addiction to social networks and screens”

addiction to social networks and screens”

FIGAROVOX/TRIBUNE – The number of school dropouts and young people hospitalized because of their mental health is on the rise, warns psychologist Sabine Duflo. The eminently addictive configuration of social networks is largely responsible for this phenomenon, she adds.

Sabine Duflo is a clinical psychologist and family therapist. She published He does not pick up screens! The 4-step method to protect children’s brains (Marabout, 2020).

This September 1 marks back to school day for all college and high school students in France. This September 1, there are several thousand not going back to school, or else to stop going there after only a few weeks. Their number is constantly increasing: an estimated 450,000 the number of 18-24 year olds in dropout. But among college students, the figure is very difficult to obtain because a student who only comes very occasionally to college, or no longer goes there but benefits from a few hours a week in a relay class is not considered a dropout. In the full-time hospitalization unit for adolescents where I work, we welcome some of these. Those who are most at risk. Those who brood for too long, those who scarify themselves, those who make repeated suicide attempts. I should say those, because there are twice as many girls in psychiatry.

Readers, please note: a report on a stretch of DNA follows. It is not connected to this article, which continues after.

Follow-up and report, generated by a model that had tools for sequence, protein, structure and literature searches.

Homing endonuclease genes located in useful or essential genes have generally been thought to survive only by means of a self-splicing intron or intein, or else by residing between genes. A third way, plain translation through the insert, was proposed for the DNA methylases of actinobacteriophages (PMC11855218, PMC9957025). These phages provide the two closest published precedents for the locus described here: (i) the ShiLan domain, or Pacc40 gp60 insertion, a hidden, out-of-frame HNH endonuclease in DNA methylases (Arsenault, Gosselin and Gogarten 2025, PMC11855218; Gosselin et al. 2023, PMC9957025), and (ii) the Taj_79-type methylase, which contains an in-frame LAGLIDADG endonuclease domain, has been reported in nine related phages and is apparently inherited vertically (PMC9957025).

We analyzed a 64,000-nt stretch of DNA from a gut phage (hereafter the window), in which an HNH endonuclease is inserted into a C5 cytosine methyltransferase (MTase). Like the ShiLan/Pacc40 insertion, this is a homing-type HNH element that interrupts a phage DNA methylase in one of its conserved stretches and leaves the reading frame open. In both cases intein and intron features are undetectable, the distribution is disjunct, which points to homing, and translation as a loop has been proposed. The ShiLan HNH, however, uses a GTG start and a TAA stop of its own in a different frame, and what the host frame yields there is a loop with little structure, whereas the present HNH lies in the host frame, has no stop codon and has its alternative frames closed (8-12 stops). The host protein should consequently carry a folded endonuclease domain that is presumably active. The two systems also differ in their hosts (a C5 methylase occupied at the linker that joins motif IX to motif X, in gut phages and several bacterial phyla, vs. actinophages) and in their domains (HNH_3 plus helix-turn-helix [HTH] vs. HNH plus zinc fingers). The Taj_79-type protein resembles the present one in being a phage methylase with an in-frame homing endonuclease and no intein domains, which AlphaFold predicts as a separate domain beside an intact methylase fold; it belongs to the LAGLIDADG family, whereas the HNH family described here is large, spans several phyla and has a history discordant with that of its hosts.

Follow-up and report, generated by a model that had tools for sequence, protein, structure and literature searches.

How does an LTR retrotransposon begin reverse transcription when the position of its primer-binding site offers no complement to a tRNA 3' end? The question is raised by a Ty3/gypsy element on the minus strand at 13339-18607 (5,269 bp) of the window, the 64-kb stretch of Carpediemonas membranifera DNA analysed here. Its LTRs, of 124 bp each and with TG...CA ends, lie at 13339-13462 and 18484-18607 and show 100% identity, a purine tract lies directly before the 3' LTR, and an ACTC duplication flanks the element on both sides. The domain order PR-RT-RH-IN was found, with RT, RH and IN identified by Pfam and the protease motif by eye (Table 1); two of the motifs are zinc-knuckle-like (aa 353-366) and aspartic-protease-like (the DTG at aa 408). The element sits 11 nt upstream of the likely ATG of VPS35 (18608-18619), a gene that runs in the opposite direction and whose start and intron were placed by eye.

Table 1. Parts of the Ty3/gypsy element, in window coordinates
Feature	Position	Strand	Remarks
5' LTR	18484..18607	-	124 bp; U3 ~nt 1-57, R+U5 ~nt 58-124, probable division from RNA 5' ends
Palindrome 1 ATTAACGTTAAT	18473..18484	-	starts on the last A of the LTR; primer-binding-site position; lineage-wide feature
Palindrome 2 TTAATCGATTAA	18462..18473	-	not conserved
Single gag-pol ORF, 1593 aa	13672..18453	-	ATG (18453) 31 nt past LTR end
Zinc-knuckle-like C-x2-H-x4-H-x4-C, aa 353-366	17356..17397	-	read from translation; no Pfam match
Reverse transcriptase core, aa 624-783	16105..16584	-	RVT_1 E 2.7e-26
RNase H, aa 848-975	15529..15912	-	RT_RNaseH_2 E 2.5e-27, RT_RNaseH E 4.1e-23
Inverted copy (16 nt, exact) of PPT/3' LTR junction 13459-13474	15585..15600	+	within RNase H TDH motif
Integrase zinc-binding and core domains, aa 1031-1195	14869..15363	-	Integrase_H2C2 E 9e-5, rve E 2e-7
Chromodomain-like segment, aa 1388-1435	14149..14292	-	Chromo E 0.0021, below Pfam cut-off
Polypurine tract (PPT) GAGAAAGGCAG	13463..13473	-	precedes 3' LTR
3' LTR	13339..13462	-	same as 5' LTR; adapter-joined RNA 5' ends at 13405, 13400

Why has the number of young people who are in bad shape been steadily increasing for about five years?

Numbers first. “Since 2019 the figures have literally exploded with more than 126% of emergency visits for suicidal thoughts among 11-17 year olds and a 30% increase in suicide attempts”, according to child psychiatrist Charles-Édouard Notredame (MCU-PH child and adolescent psychiatry department of Lille University Hospital). The stands with the warning cries of the psychiatrists in charge of these hospitalization units have followed one another for two years.

Why do our children want to end their lives?

For me, a psychologist, we take too late the measure of an evil that has eaten away at our youth for too long. And we are wrong about the causes.